Shirley Bechill

Presiding Clerk

Lake Erie Yearly Meeting, Religious Society of Friends (Quaker)

(LEYM includes Monthly Meetings and Worship Groups in Michigan, Ohio, Pennsylvania and West Virginia)

Friday, June 06, 2008

An experiment in building a better world

Natasha Tsangarides, The Electronic Intifada, 4 June 2008
Freedom Clothing Project Ltd is a UK not-for-profit cooperative founded in 2005, comprising a small handful of friends and relations. The Electronic Intifada contributor Natasha Tsangarides spoke to project director Joe Turner about his work and the current trading obstacles:
Natasha Tsangarides: Could you tell me a little bit about Freedom Clothing and what it seeks to achieve?
Joe Turner: Freedom Clothing Project is an experiment in building a better world -- I know that sounds a bit grand, but we wanted to try to make a clothing company unlike any other. It is a cooperative, so there are no shareholders, and [we are] a non-profit so we're not primarily motivated by making money and the dream is of products that benefit those people that others ignore. It has been a long and bumpy road, but basically we went to Palestine and got a factory there to make organic cotton clothing. Later, we took another brand there, and they're now also exporting from Palestine. It is quite a small success in the scheme of things, but we're still dreaming and still struggling to make our dreams come about.
NT: From your experience, what are the sorts of obstacles facing suppliers when it comes to trade, exports and access to markets?
JT: Well, we all know about the checkpoints, travel restrictions and so on. These all make trade extremely difficult. But I'd say the primary barrier is emotional fatigue. For example, in the clothing sector, there used to be hundreds of small factories in the Bethlehem area alone. Of those, there are now less than a couple of dozen that survive, and a handful that are profitable. In total, there are very few sectors of the Palestinian economy that are operating as they should, and the result is high unemployment and lack of opportunity. Few now have the strength of imagination or finances to think of ways to keep going.And the fact is that all of us who claim to be supporters of [the] Palestinians share some responsibility in that -- Palestinian products should be like gold-dust around the world, we should make it a priority to support their economic intifada in any way we can. Most working businesses in Palestine are dependent directly or indirectly on Israeli trade because they have no other options to trade with. Two examples: I once went to a factory which was making dark green uniforms. In talking to the owner, he said he thought it was eventually going to the IDF (he was subcontracting the work from an Israeli clothing company). I asked why he was doing it if that was true, and he shrugged and said he needed work to pay his employees.[The second example, are] Jerusalem gold tiles [which] are well known in the international market. They are almost all marketed by Israeli wholesalers. Yet all the quarries are in Hebron and are Palestinian owned. This has meant that the businesses are insulated from the international market and find it extremely difficult to work directly with customers. Most do not understand the quality and customer service expected by international customers. To be fair, this is changing.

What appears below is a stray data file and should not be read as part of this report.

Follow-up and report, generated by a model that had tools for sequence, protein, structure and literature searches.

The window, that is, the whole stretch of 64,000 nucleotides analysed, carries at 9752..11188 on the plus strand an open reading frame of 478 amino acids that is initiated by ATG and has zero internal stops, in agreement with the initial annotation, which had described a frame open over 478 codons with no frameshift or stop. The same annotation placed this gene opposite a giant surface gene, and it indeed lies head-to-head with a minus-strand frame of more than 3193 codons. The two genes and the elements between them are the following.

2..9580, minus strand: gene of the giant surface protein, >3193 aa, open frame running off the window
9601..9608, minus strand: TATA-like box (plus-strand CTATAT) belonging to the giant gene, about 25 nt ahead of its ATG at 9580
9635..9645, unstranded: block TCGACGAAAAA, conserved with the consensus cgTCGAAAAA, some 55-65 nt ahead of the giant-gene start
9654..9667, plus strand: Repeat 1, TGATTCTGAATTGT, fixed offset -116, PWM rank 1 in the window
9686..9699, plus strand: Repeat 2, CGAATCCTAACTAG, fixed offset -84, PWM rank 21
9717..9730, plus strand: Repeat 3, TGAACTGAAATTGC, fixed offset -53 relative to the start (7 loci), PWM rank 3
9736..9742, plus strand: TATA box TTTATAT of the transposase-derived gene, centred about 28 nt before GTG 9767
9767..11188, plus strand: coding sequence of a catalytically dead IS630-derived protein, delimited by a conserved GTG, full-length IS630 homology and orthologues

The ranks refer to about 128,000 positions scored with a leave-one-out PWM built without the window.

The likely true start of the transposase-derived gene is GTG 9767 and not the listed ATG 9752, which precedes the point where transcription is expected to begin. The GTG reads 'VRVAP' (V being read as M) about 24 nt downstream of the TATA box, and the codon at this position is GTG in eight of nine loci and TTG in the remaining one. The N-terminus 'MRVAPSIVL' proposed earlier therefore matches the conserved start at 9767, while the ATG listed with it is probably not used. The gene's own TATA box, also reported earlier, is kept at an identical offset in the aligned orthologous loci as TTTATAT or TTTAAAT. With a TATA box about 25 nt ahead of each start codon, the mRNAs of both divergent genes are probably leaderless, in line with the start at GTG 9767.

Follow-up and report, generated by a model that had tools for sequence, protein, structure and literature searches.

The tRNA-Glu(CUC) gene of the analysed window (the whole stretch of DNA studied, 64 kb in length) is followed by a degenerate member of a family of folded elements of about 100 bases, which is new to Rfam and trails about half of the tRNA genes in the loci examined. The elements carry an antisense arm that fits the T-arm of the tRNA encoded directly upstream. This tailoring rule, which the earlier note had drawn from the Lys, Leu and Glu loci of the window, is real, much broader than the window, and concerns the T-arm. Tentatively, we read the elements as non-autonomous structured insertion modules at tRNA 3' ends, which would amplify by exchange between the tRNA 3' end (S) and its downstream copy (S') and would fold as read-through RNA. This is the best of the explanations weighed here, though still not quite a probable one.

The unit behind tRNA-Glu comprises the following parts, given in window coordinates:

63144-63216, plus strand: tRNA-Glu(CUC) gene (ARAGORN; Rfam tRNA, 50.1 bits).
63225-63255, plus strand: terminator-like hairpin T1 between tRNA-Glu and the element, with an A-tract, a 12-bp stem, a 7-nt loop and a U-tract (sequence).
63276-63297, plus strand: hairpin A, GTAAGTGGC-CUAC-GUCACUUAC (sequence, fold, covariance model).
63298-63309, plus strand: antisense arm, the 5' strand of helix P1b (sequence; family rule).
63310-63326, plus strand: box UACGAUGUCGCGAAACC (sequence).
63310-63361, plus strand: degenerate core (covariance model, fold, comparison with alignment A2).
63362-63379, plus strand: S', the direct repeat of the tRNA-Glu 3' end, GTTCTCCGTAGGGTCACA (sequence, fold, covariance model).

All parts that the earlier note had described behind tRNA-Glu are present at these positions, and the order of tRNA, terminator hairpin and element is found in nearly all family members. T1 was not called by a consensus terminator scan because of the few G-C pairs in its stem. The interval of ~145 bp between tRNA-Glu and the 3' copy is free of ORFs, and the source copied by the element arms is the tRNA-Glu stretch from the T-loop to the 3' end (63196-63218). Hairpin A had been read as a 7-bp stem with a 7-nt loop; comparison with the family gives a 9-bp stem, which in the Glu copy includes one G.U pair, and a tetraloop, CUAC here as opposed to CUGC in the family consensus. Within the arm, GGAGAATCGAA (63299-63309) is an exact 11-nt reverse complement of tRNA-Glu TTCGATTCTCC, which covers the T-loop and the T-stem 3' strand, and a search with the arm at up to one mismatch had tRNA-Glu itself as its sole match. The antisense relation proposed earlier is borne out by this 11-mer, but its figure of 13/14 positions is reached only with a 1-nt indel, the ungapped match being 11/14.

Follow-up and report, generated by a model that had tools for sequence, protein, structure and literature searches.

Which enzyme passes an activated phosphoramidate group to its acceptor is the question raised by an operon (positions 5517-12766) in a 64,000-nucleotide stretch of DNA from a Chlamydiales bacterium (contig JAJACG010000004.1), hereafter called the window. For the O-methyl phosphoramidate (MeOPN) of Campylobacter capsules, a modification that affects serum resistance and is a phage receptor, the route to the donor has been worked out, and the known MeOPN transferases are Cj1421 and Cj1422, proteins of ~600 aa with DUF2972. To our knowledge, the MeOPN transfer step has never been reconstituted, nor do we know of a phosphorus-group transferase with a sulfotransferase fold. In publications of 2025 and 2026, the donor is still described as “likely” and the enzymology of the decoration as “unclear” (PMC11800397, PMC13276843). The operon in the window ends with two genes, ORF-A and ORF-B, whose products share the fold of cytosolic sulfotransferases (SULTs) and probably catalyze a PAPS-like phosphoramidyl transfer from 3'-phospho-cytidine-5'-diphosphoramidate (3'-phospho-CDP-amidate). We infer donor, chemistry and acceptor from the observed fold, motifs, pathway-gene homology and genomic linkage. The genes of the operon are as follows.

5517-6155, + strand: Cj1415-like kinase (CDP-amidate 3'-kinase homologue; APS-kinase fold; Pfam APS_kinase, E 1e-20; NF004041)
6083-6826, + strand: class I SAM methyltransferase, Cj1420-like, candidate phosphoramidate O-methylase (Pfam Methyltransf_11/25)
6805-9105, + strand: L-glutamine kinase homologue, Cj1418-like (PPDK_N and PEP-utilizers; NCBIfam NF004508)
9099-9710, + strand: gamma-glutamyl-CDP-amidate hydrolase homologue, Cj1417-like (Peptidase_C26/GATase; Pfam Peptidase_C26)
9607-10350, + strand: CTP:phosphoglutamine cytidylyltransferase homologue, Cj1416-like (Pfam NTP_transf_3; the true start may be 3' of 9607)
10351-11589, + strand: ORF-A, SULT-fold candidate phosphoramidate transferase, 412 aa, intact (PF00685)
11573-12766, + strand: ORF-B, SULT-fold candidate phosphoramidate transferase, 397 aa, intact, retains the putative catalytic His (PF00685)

NT: On a wider scale, how has the building of the wall in the West Bank affected trade and private employment opportunities?
JT: The wall has cut off many people from their jobs in Israel. In terms of trade, it has often meant long delays in the transportation of products and the loss of customers, particularly in Israel. Given that so much of the Palestinian economy is in agriculture delays have been catastrophic. In Gaza, whilst there is a large strawberry crop, it is impossible to sell it to anyone other than the Israeli-owned monopoly Agrexco, who have special security arrangements to allow export of their products. In the West Bank, difficulties of movement mean that it is conveniently easier for shops to [stock] Israeli or foreign products than to attempt to stock products produced in other West Bank towns.
NT: Inflation is the latest problem to afflict Palestinians, with food prices rising by around five percent. How is this going to affect the private sector?